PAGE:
For example, they pick the Malvasia from the Salinas Valley at 2:00am, when the grapes are at the peak of their acidity in cooler temperatures. To make their Vin Gris rosé, they pick fruits that are specifically grown for rose´, like Grenache and Cinsault, instead of using runoff juice from other wines. Their wines are lightly pressed, their whites fermented for long periods of time at low temperatures. They use stainless steel or neutral barrels. They refuse to filter their reds.
The result is extraordinary. Each wine we tasted with Alex offered a full expression of perfectly balanced, sensationally bright, and elegantly aromatic qualities. The natural beauty of the grapes shines through, unveiling the character of the soil in these aged vineyards.
“There are layers that carry you like a sine wave through time. Instead of imprinting our huge winemaking egos on these grapes, we do what we can to just reveal their qualities”, Alex explains.
As we taste each wine, Alex talks about the soil in which they were grown. In the mountains of California, layers of granite, limestone, and clay give depth of flavor to what we are tasting. Flavors of wine develop as a result of the struggle of vines in the rocky soil. What defines this country is a similar struggle, as we dig deep to preserve the families who built it.
Like America, these wines offer diversity. They are multi-dimensional, and as time passes, one is introduced to yet another layer of character. Like with America, it’s this diversity that creates liveliness, structure, and balance.
Here’s to you, America!
The Roadhouse is humbled to feature the following wines from Birichino. They are lesser known, yet bring spirit and variety to our list. We encourage you to share a bottle with friends, especially during the summertime!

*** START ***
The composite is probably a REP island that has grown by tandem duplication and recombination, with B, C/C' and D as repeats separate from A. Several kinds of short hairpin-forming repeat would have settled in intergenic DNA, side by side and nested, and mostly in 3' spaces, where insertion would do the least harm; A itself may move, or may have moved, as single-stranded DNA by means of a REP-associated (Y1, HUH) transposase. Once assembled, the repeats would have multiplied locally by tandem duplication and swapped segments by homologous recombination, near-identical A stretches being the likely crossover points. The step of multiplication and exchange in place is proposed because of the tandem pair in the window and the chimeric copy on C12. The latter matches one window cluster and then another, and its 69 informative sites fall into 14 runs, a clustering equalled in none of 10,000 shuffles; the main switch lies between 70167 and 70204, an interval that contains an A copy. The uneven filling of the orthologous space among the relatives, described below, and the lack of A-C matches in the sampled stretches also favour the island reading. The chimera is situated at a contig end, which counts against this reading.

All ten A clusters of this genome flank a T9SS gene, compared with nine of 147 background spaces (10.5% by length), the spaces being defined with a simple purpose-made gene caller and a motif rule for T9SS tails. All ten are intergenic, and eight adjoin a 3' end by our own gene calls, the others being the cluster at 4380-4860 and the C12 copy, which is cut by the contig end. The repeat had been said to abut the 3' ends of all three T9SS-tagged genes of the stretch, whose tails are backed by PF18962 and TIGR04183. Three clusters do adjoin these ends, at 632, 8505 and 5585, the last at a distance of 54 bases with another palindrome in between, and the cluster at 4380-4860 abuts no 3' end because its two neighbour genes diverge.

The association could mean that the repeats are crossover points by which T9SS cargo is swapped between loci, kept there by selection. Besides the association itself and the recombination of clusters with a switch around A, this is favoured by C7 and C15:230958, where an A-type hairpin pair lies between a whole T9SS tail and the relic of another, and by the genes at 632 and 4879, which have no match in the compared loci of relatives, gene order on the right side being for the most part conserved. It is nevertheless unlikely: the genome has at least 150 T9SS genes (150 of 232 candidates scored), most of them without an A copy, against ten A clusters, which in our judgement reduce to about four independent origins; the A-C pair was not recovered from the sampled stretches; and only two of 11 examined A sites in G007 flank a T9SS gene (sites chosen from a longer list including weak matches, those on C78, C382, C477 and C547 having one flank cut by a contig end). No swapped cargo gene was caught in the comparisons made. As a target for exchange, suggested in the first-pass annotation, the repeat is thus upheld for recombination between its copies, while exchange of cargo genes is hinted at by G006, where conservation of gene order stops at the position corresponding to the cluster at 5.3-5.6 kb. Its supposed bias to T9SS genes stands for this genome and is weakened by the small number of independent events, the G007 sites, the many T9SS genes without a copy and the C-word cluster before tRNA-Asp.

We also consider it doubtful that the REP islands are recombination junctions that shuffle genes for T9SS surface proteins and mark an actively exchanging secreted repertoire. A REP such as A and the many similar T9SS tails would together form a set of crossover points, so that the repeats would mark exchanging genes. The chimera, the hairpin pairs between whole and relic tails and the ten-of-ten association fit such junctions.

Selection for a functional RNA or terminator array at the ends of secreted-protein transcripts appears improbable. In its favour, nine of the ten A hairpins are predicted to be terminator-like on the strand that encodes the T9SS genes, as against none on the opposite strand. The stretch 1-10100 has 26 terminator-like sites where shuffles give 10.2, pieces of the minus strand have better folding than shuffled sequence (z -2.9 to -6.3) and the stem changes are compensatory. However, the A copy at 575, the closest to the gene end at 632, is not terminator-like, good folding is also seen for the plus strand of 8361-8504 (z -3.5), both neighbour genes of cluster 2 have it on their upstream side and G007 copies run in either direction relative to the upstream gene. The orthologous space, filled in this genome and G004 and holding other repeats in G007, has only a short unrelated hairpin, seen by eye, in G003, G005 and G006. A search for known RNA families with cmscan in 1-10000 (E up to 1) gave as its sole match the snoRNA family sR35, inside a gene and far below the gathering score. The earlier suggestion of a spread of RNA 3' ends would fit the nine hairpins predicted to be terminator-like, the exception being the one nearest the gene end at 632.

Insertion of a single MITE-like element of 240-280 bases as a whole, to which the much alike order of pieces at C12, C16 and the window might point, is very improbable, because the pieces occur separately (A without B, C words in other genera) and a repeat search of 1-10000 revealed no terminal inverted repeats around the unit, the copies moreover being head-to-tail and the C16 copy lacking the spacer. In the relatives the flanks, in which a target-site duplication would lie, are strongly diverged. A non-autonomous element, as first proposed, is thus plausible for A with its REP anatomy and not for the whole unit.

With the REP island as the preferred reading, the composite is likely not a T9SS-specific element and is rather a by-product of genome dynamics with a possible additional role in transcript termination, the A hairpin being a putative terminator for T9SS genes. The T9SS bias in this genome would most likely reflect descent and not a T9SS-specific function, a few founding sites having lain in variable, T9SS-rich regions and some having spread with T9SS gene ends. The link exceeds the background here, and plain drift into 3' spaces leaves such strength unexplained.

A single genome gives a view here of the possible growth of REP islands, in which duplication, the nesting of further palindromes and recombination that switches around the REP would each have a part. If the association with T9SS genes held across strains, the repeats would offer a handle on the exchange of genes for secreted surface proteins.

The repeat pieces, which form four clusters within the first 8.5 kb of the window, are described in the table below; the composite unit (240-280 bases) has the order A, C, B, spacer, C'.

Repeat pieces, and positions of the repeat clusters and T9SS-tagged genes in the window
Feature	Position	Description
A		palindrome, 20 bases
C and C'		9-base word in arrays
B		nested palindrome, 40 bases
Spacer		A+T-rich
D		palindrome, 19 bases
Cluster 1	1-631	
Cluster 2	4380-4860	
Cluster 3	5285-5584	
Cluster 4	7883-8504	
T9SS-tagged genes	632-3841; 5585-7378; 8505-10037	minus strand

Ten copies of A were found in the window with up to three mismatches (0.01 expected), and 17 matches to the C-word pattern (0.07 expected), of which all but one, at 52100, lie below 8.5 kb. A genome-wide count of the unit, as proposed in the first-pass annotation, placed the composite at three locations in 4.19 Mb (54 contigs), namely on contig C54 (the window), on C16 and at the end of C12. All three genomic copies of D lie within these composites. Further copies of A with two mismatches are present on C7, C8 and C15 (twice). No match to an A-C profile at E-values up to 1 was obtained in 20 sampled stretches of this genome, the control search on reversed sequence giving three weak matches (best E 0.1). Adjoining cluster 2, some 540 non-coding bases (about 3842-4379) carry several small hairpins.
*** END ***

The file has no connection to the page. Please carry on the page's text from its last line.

Malvasia Bianco 2014:
Don’t let the bold and sweet aroma of this refreshing white fool you! A floral bouquet with hints of citrus, lemon, orange, and grapefruit leads to a long mineral dryness. Alex and John ferment the residual sugar out of this one to give it a playful personality. Grown in the shale-strewn upper edges of the Salinas Valley in the Santa Lucia range, Malvasia is very aromatic and naturally acidic. The cool fog that rolls in from Monterey Bay at night preserves the freshness of the grapes. Planted in the early 20th century by an Italian family, this vibrant wine was the first one produced by Birichino in 2008, and the inspiration for the name of the winery, which means “naughty” in Italian.
Vin Gris Rosé 2017:
A delicate pink wine offers notes of tropical flowers and exotic fruits, followed by a smooth and lingering acidity. Alex and John created this one as an homage to Old World rosé from the South of France, and they make it from grapes specifically grown to make rosé. The most prominent is Grenache, grown in a vineyard planted in 1910 in the cool foothills of Sierra Nevada, at 3,000 feet. The other three grapes in this blend include Mourvédre, Cinsault, and Vermentino. Each grape is gently pressed separately, allowed to sit on their skins, then carefully married to produce this very pretty summery wine.
Bechthold Cinsault Old Vines, 2016:
It offers a lovely structure to the rosé, but drinks very well on its own as a plucky red. The Cinsault offers bright cranberry and strawberry notes with accents of purple flowers and hints of red currant. Planted in 1886 (the same year the Statue of Liberty arrived!) in Lodi, these vines produce a wine that is comparable to an elegant Beaujolais.
St. Georges Pinot Noir, 2016:
Lightly colored with scents of candied fruit and herbs, one of our favorite Pinots shows bright fruit and a little pepper on the palate. The St. George is built from 3 different Pinot Noir plants that offer a lingering array of perfumed characteristics, from red fruit to exotic incense. The flavor comes not only from the grapes, but from the stems as well, so much of this wine is pressed as whole cluster and left unfiltered to capture its integrity.